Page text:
If something does emerge from the preliminary talks it will no doubt require high-level involvement because of the international treaty with Mexico and the complex laws governing Colorado River water, but if MWD is right about an agreement by the end of the year, Mexico could soon get some needed assistance and Southern California might be able to supplement a large reservoir or two. Win/win.

______________________________

Aug 4 update: I received this followup note from Bill Hasencamp from the MWD General Manager’s Office:

The International Boundary and Water Commission oversees the 1944 Treaty with Mexico regarding water deliveries between the 2 countries. Since the Original Treaty, more than 200 Minutes have been added to either amend or clarify the Treaty. For the current effort, the IBWC is leading negotiations between the 2 countries to draft a minute that will handle the provisions of any water and currency exchange between the two countries. The Bureau of Reclamation is coordinating the Colorado River Basin States’ input to the negotiations, as we would be the ones providing any money for water. It’s the ultimate responsibility of the IBWC, however, to complete negotiations, which is hoped to finish in the next few months, so that Mexico can start receiving U.S. money to fund infrastructure repair.

There is a meeting in Las Vegas this Friday between the 2 countries to further the discussions.

[Aug 11: The Las Vegas Review-Journal reports on the upcoming meeting]

[Dec 20: Salazar, Elvira announce water agreement to support response to Mexicali valley earthquake]

 

Posted in Imperial Irrigation District, Metropolitan Water District of Southern California, Water | Tagged: , , , , | 7 Comments »

How to poison relations between Imperial Valley and San Diego

Posted by George J Janczyn on February 14, 2010

While the decision to invalidate the Quantification Settlement Agreement (QSA) simmers, an editorial in the Imperial Valley Press Online serves as a good reminder that even in San Diego (!) there are those who view California water resources selfishly and cynically (the QSA contains an agreement for water transfers from Imperial Valley to San Diego). The editorial observes:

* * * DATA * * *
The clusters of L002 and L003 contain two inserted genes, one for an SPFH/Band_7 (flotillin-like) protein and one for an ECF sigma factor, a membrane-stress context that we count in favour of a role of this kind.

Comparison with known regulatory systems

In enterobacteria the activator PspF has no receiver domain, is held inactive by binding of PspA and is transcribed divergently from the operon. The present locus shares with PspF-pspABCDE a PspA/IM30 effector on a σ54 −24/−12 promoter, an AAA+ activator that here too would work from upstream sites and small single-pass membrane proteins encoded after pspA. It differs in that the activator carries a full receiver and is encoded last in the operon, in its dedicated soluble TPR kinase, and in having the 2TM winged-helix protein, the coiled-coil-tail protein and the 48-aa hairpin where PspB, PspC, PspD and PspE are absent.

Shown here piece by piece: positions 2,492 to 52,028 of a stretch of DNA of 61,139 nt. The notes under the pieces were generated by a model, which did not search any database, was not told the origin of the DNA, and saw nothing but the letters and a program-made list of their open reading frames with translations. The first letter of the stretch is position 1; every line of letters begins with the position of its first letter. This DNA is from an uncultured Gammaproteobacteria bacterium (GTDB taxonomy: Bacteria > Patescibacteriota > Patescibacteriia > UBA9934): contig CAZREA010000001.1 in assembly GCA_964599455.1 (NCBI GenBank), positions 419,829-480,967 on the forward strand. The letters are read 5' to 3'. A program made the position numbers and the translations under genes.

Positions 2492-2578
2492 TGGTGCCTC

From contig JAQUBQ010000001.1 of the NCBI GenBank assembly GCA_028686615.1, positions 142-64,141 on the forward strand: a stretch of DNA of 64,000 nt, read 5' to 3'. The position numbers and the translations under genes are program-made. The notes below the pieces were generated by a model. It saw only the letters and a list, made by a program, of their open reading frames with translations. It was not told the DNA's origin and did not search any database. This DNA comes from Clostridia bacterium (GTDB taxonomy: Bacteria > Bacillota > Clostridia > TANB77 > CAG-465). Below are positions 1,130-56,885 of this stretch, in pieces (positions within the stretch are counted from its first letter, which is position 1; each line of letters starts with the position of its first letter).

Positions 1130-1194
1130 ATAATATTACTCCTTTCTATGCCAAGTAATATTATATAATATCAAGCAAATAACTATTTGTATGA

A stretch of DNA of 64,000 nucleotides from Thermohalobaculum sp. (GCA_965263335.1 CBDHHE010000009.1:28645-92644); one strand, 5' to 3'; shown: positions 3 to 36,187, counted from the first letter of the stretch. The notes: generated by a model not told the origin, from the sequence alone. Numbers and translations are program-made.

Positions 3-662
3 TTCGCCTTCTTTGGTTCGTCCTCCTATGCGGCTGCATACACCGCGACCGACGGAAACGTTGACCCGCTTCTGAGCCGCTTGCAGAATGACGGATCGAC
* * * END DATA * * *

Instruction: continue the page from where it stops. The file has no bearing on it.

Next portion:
…the North County Times in San Diego County recently wrote an editorial that was stunning in its lack of understanding of the dangers of a dried-up Salton Sea and its lack of interest in any region — or its people — other than its own. Of the judge’s ruling and a possible appeal, the paper said:

“Since we believe a higher and better use is to move the water conservation in the Valley (the essence of the deal) to the thirsty parts of San Diego County, we hope the appeal succeeds, the judge is overturned and the Salton Sea is ultimately left to dry up.”

I think San Diegans should be more appreciative that the people of Imperial Valley have made sacrifices to send much-needed water our way. At best, the North County Times editorial was thoughtless. If our attitude is ‘let them breathe dust’ they might as well have the stance ‘let them drink seawater!’ (the Poseidon plant notwithstanding).

Click here to read the entire opinion from Imperial Valley Press

Click here to read the offending North County Times opinion. To their credit, they printed a rebuttal to their editorial.

Feb 15: Interesting timing–the KPBS “These Days” program will discuss the QSA today, apparently from the same angle that I used here. They wrote “Not only has the story been under-reported … but calls to let the Salton Sea dry up are really provoking anger. An audio recording of the broadcast will be posted on their website.

Mar 17: S.D. is not against I.V. / editorial by Tom Wornham, Chairman, San Diego Regional Chamber of Commerce Secretary, Board of Directors, San Diego County Water Authority, published in the Imperial Valley Press.

Posted in Environment, Imperial Irrigation District, Land use, Politics, Quantification Settlement Agreement (QSA), Salton Sea, Water | Tagged: | Leave a Comment »

Update on lawsuits that threaten San Diego’s water transfers from Imperial

Posted by George J Janczyn on January 28, 2010

The Imperial Valley Press is reporting new action on the federal lawsuit filed Oct. 8, 2009 over the Quantification Settlement Agreement that authorizes water transfers from Imperial to San Diego. This is separate from the California Superior Court lawsuit that has been generating all of the recent news headlines.

To assist in tracking this and other issues, I’ve added a new page to collect posts about the two continuing legal actions, including new developments. The new page appears above on the menu bar as “Ongoing topics.”

 

Posted in Environment, Imperial Irrigation District, Land use, Politics, Quantification Settlement Agreement (QSA), Salton Sea, San Diego County Water Authority (SDCWA), Water | Tagged: | Leave a Comment »

San Diego’s supplemental water: still too premature to push the panic button?